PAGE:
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With no crossing guard, charter school superintendent takes traffic control into his own hands

Riverhead Charter School Superintendent Raymond Ankrum starts and ends each school day directing traffic on Middle Country Road. Photo: Denise Civiletti

Riverhead Charter School superintendent Raymond Ankrum dons a bright orange vest every morning and afternoon and walks into traffic on Middle Country Road in front of his school campus in Calverton.

Ankrum starts and ends the school day at the K-8 school working as a traffic control officer.

It’s not in his job description, but the charter school chief says vehicles, including school buses carrying children, can’t safely enter or exit the school without someone stopping traffic on the busy thoroughfare.

The posted speed limit is 50 mph. The road is heavily traveled and the school is surrounded by a post office, a busy deli and a gas station/convenience store. Its entrance is less than a quarter-mile from a busy intersection traffic engineers consider “failing” because it can’t handle the high volume of traffic passing through it.

The Riverhead Police Department used to have a crossing guard stationed at the charter school, but the guard was injured last year and Ankrum says the town told him it lacks the staff to man the post. So Ankrum puts on his vest, grits his teeth and walks into traffic, carrying bright orange plastic batons to get the attention of drivers.

He launched an online petition last week hoping to bring the situation to the attention of Gov. Andrew Cuomo.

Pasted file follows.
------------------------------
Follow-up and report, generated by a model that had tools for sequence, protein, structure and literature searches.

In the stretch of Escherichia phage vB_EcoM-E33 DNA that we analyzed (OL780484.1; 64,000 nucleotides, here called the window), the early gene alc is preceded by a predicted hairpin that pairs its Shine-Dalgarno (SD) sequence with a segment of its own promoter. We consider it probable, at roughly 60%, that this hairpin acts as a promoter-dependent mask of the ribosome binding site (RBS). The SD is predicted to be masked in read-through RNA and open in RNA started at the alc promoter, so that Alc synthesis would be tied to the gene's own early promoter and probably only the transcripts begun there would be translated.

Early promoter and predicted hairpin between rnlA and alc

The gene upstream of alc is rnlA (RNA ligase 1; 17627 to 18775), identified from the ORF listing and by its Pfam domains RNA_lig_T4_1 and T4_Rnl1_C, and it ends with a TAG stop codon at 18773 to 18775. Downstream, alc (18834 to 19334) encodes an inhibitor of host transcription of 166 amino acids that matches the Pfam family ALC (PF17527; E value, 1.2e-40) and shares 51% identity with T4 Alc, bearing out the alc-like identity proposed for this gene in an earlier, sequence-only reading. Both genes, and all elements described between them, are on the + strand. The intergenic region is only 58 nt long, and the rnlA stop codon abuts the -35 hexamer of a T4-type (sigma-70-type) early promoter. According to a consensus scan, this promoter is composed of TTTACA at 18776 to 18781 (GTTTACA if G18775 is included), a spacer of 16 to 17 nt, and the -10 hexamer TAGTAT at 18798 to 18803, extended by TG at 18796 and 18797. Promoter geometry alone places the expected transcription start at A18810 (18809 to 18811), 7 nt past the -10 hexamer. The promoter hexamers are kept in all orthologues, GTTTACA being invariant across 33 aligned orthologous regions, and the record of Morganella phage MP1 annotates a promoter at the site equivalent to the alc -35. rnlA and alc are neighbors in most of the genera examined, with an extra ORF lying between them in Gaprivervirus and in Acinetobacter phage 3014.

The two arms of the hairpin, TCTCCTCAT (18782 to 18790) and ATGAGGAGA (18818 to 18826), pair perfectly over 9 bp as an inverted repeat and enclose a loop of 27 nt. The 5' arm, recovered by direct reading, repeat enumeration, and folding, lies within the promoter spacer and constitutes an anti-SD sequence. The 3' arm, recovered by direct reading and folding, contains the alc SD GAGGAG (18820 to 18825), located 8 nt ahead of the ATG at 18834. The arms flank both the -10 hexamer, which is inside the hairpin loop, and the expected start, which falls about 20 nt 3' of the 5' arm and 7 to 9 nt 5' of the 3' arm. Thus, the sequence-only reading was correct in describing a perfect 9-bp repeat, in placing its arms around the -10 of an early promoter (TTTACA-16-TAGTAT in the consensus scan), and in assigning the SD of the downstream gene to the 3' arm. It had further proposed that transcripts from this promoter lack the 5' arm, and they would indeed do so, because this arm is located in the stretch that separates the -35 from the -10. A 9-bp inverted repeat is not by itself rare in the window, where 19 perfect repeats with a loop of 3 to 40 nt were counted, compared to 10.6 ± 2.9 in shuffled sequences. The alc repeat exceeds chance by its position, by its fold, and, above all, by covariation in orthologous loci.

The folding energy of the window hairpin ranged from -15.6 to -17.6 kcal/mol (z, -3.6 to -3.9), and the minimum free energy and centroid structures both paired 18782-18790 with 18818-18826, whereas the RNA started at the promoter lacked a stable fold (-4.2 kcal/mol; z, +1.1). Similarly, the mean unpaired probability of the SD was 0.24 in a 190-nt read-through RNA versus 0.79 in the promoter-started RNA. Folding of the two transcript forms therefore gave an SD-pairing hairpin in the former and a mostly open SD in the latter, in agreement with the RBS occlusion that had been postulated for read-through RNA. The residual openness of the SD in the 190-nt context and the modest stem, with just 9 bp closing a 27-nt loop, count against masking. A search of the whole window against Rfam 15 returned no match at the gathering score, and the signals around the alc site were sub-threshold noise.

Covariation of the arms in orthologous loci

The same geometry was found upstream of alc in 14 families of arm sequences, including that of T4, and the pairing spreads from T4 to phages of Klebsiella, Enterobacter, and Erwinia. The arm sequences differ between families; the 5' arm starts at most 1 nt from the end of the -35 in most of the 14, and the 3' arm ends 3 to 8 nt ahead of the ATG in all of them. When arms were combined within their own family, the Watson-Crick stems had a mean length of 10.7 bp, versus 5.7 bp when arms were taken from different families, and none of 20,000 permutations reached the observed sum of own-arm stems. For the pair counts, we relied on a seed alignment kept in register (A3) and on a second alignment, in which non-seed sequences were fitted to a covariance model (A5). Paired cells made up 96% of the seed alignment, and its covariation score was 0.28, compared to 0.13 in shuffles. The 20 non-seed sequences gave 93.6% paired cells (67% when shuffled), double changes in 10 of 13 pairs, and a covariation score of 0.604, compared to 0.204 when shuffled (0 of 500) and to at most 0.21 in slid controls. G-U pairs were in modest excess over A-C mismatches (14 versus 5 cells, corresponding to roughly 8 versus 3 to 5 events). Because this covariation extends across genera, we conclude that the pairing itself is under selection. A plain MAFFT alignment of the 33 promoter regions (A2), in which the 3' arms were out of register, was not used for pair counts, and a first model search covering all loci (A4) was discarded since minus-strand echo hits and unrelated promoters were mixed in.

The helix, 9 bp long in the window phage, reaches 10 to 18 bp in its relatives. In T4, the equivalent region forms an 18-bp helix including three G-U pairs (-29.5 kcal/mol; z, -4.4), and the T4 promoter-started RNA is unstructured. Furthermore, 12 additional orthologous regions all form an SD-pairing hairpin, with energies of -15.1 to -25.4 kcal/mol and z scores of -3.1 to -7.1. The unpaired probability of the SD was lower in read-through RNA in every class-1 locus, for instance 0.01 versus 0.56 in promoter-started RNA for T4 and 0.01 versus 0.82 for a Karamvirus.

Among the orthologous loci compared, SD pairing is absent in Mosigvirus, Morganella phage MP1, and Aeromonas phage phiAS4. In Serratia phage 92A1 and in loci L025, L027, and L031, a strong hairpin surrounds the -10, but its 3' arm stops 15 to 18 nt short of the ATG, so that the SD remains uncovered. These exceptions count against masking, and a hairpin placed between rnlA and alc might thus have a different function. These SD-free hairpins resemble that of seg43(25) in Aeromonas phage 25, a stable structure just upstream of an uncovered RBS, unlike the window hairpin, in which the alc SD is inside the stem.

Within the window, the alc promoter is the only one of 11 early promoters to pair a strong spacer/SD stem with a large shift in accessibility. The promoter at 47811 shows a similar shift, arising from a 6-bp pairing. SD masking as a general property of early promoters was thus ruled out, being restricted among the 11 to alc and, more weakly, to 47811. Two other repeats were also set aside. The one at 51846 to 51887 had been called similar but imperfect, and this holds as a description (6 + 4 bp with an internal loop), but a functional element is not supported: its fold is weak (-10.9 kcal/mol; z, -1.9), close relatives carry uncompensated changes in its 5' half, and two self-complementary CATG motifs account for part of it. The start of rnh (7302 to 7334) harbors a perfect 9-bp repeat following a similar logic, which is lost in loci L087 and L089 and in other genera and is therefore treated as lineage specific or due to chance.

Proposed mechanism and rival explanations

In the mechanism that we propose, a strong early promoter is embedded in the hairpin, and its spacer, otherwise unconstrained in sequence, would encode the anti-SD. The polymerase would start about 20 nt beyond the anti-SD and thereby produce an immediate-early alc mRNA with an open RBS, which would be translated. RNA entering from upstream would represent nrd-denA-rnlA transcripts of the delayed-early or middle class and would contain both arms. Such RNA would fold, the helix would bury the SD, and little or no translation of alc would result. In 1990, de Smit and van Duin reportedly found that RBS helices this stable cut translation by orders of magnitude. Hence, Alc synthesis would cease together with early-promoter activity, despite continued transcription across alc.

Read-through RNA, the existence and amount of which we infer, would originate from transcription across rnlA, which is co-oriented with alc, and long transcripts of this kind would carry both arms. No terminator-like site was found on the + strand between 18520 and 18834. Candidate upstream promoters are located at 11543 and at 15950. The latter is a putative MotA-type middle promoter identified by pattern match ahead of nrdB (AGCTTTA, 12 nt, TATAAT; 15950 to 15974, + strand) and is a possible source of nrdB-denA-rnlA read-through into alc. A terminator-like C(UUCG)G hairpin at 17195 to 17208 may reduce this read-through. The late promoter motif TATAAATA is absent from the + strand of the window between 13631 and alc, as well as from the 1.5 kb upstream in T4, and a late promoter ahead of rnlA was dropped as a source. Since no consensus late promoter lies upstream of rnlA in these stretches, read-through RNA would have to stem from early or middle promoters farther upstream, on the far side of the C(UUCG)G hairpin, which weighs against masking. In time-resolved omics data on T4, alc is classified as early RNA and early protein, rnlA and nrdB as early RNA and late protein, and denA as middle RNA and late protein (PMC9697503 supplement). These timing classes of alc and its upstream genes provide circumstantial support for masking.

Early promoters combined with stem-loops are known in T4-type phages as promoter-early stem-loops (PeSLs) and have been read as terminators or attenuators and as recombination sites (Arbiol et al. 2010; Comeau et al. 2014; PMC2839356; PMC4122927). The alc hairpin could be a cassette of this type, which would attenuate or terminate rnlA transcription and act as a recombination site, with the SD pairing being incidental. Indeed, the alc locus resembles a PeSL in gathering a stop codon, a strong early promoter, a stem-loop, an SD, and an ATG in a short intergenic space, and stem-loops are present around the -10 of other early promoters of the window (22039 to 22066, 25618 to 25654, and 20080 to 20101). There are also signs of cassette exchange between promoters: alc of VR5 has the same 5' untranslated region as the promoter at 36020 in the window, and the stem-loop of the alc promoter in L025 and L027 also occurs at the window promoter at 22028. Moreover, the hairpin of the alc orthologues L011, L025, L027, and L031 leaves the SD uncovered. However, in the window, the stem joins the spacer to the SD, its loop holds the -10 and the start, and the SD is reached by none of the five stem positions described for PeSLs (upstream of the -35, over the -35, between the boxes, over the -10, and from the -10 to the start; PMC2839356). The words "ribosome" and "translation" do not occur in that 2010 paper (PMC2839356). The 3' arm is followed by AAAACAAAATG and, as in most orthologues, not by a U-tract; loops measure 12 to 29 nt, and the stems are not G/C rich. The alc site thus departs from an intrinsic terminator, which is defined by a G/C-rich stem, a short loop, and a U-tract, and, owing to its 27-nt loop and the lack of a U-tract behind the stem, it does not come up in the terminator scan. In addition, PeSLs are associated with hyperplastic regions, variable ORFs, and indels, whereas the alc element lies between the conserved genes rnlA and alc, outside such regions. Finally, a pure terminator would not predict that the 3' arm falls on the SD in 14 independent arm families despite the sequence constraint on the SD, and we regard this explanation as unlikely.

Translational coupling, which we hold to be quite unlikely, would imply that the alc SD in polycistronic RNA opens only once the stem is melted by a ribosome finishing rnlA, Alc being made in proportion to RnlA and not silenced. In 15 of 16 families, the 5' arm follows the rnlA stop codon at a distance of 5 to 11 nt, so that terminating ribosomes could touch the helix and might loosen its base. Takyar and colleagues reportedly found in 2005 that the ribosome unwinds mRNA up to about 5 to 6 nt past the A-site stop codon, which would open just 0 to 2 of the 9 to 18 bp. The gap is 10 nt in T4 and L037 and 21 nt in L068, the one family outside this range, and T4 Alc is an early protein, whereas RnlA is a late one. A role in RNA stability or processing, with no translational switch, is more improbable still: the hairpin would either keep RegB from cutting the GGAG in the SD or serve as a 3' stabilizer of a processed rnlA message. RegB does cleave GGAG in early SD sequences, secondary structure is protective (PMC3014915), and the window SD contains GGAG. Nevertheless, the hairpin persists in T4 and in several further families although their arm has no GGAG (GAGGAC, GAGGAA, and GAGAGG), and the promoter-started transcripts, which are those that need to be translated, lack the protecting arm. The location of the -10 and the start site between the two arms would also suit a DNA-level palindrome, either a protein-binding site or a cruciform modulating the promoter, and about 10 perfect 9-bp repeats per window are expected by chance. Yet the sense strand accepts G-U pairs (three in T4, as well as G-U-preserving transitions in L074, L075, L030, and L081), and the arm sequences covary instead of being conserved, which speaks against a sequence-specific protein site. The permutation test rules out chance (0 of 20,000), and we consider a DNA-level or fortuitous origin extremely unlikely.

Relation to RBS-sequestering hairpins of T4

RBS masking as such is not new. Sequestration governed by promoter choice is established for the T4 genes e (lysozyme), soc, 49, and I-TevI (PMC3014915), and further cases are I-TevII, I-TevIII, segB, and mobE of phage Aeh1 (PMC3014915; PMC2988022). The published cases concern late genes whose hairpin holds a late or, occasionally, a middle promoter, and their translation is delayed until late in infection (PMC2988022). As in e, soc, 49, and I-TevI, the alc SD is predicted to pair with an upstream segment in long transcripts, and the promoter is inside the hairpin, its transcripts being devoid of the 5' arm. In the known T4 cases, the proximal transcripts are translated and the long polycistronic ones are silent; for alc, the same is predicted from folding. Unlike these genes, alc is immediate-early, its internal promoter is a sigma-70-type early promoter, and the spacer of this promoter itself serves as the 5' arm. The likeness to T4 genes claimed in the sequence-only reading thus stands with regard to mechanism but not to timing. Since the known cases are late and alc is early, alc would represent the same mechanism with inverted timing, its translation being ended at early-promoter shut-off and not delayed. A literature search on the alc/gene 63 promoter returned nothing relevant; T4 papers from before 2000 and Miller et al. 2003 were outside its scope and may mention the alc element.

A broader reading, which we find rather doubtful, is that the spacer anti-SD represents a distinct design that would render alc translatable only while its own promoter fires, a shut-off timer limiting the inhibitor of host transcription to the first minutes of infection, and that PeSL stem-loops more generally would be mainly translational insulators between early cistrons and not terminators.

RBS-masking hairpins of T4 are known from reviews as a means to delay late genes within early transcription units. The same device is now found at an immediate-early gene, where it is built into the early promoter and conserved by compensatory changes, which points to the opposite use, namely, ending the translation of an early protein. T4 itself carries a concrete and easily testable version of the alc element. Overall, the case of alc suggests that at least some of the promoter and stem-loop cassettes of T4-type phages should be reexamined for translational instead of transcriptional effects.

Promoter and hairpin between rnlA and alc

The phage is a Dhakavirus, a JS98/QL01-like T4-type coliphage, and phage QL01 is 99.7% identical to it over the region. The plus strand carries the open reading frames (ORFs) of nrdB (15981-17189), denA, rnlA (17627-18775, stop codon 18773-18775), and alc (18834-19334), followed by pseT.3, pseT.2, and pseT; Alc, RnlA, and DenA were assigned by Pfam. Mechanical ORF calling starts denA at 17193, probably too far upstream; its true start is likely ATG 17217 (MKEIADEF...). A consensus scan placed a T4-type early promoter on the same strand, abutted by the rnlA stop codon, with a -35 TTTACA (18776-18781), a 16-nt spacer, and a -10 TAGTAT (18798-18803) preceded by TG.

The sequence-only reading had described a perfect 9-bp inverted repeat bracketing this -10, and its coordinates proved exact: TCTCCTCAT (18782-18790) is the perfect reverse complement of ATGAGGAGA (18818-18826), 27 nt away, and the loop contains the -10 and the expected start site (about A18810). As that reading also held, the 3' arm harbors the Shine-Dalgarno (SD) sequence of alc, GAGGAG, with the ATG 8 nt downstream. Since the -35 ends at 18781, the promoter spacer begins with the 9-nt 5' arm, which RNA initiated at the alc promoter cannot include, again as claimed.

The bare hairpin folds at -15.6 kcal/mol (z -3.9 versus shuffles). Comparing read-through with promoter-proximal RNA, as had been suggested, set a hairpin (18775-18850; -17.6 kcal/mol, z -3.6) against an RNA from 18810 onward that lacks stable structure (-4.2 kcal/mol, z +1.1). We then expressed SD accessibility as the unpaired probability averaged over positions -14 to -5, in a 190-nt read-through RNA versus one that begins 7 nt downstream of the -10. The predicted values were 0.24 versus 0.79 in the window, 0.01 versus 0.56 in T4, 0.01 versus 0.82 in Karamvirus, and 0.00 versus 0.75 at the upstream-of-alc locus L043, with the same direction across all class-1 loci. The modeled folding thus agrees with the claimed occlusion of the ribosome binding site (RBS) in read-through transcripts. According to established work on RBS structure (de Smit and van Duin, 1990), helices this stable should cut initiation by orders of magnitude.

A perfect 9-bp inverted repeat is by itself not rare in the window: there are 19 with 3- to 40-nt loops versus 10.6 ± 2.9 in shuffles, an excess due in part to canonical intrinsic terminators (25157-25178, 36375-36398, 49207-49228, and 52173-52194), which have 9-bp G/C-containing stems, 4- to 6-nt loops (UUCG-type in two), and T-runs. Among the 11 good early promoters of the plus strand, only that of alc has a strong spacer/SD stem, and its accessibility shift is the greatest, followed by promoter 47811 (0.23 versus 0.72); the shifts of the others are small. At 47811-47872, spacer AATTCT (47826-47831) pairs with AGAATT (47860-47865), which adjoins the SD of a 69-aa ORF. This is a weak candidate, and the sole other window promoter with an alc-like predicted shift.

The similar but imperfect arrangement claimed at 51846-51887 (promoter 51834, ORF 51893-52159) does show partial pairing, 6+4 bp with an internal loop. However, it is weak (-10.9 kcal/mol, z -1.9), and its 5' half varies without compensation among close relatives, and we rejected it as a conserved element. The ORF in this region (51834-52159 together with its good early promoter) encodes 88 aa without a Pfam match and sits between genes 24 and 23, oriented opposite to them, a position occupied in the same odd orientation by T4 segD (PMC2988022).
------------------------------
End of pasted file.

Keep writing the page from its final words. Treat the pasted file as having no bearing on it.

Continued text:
Riverhead Police Chief David Hegermiller acknowledged that the town previously had an officer at the site to control traffic.

“We had a crossing guard there for years, not to get students across the road because nobody walks to the school. It was for traffic control,” Hegermiller said. But it’s too dangerous for anyone to stand in the road there, he said. The posted speed limit is 50 mph.

Riverhead Charter School Superintendent Raymond Ankrum directs traffic outside the school in Calverton this morning. Photo: Denise Civiletti

The police chief said it’s “crazy” that the posted speed limit on the road in front of the school is 50 mph.

“Even without the school there, that’s too fast,” Hegermiller said, noting that the immediate area is developed with uses that have a lot of vehicles entering the traffic flow in the immediate vicinity of the school, including the Calverton post office, a deli and a gas station. “And it’s what — 500 yards from the light? It’s just insane.”

The State Department of Transportation sets the speed limits in the town. Hegermiller said he’s asked the state DOT to reduce the speed limit in the area — there’s nothing posted to indicate it’s a school zone. But the state “flat-out rejected it,” he said.

“We’ve been arguing that issue with the state for as long as the crossing guard has been there,” Hegermiller said.

And the matter is definitely one that the school superintendent should not be taking into his own hands, Hegermiller said.

“He’s not authorized to direct traffic,” the chief said. “We’ve told him that. He’s not supposed to be out there doing that.”

The police chief said he and other town officials met with Ankrum and members of his staff last year and pointed out that existing cross-easements with adjacent property owners would allow traffic from the school to exit onto Edwards Avenue, which the chief said would be “safer.”

Hegermiller said the school never got back to the town about it.

“We also suggested they make the exit onto Rt. 25 right turn-only,” Hegermiller said.

There’s no question it’s a bad situation that needs to be remedied, he said.

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Denise Civiletti
Denise is a veteran local reporter and editor, an attorney and former Riverhead Town councilwoman. Her work has been recognized with numerous awards, including a “writer of the year” award from the N.Y. Press Association in 2015. She is a founder, owner and co-publisher of this website. Email Denise.